For a sport that carries such enormous weight here at Oregon, football season always seems regrettably short.
Thirteen games — 14 if you’re lucky — simply doesn’t feel like enough in one year. Maybe this will change in 2014 when the angels sing and trumpets sound, and the NCAA institutes a playoff system. But until then, the season seems unfulfilling. Maybe this is why I love it so much.
Unlike an NBA or MLB season glutted with months of meaningless games, college football truly must be approached with a Chip Kelly mentality: “Every week is the Super Bowl.” And for me, a kid who grew up with no connection to professional sports, it has been a rewarding season.
I grew up in Billings, Mont., nestled in the pro sports black hole of America. It’s not enough that my home state has no professional sports teams; none of its surrounding states do either. My relationship with sports was through my parents’ basement television. I’d curl up with a blanket and watch my mom’s Wisconsin Badgers on Saturday and my Dallas Cowboys on Sunday (remember, no home team. Cut me a little slack).
Sports was always theatrical. Each season had heroes and villains, winners and losers; themes, plots, twists. In more ways than one, that’s how this Oregon season felt.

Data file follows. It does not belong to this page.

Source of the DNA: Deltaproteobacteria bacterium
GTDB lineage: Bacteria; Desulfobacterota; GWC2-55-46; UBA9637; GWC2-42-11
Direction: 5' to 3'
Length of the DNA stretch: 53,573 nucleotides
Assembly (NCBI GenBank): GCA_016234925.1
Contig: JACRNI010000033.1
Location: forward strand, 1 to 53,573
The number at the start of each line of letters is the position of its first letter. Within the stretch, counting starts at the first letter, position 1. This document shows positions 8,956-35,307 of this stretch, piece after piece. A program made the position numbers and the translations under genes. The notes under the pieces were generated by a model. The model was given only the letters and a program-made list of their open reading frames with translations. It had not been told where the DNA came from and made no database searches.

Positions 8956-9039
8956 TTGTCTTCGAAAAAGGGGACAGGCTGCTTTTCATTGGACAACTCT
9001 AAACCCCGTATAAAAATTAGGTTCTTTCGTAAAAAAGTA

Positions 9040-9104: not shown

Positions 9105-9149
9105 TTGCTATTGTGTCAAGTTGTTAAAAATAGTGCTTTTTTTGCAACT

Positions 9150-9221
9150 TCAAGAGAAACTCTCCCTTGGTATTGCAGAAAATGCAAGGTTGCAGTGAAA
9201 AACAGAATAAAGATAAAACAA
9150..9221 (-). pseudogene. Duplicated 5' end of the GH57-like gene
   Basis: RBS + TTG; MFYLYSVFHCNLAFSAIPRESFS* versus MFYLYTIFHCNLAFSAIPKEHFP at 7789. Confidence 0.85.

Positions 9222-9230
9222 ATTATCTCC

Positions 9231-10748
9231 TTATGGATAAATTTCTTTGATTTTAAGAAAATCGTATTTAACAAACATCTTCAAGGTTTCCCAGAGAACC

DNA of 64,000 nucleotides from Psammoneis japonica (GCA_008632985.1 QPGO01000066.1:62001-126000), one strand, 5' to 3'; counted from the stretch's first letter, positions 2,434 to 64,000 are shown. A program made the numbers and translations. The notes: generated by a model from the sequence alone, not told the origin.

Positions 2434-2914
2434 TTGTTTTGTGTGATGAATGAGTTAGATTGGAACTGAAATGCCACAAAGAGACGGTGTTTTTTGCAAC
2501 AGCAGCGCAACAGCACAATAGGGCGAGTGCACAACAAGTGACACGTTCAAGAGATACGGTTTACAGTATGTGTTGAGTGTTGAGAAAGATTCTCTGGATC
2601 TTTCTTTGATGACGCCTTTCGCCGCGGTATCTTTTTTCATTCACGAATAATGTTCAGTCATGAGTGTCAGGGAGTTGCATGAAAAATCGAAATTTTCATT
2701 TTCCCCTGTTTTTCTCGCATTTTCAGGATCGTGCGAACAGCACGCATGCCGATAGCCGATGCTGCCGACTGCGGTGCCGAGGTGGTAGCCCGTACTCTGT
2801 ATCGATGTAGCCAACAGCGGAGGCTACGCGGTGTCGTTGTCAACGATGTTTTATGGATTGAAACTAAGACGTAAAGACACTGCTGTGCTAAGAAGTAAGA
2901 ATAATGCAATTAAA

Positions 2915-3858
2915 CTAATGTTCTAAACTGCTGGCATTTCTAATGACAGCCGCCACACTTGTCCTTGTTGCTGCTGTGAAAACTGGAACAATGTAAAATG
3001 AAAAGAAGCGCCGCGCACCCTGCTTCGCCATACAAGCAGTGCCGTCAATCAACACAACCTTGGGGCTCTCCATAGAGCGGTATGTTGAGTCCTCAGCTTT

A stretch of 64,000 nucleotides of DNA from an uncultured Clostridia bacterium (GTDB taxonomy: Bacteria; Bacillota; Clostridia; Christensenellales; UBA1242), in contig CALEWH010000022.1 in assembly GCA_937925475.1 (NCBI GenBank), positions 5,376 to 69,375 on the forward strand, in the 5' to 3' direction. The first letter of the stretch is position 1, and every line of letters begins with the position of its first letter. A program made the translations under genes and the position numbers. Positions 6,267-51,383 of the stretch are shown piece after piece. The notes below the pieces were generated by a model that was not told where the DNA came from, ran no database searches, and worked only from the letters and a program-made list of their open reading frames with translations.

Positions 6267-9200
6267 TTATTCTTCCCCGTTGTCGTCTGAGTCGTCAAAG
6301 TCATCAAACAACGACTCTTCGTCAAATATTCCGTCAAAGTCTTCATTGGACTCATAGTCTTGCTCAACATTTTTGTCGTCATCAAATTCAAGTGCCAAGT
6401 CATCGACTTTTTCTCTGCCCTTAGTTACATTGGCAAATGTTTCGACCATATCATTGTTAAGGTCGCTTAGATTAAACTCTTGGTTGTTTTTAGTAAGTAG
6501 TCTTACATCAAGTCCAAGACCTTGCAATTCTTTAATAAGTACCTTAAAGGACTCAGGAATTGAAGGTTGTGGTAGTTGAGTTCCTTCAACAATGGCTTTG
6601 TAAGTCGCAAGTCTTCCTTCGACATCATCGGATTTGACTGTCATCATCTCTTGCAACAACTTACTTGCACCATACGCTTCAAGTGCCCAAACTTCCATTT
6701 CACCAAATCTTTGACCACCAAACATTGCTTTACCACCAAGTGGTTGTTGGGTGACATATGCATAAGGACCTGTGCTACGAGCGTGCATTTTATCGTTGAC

Early on, we learned the season’s new characters — thrilling freshman Marcus Mariota, backup-turned-superhero Kenjon Barner, a secondary filled with unfamiliar names ready to make a splash. Injured seniors Carson York and John Boyett provided uncertainty and drama when it was announced they would sit out the year.
And then came the wins.
Like a Motown montage from “Remember the Titans,” Oregon steamrolled the Pac-12. It almost felt rote for the media. Oregon was a stick of dynamite, and each week it was only a question of how long the fuse was. Sometimes it would be wire-to-wire, other times it would take a third-quarter pointsplosion, but the Ducks always got the job done. I remember writing my Oregon-Colorado game story by the middle of the fourth quarter. All I had to do was update the score and the stats.
And then, of course, the hero of the story gets knocked down.
Stanford’s win over Oregon was as shocking for the media as it was for the fans and left many in the booth reconsidering their postseason plans. For the Ducks to come so close and ultimately fail left a bitter taste in the mouths of Oregon’s media. Anyone who says otherwise is clinging tighter to objectivity than reality. A journalist can be fair and still want to see a team do well — the Ducks’ season was special, and who doesn’t want to be a part of something special?
But like any good story, redemption is achievable.
A Fiesta Bowl win would mean a lot: back-to-back BCS bowl wins for the first time in program history; a third 12-win season in three years; a fitting senior sendoff for fourth and fifth-year players who have been with Chip Kelly their entire collegiate careers. It’s all there for the taking.
Of course Kansas State is trying to write their theatrical ending, but that’s how it should be.
One final battle before the credits roll.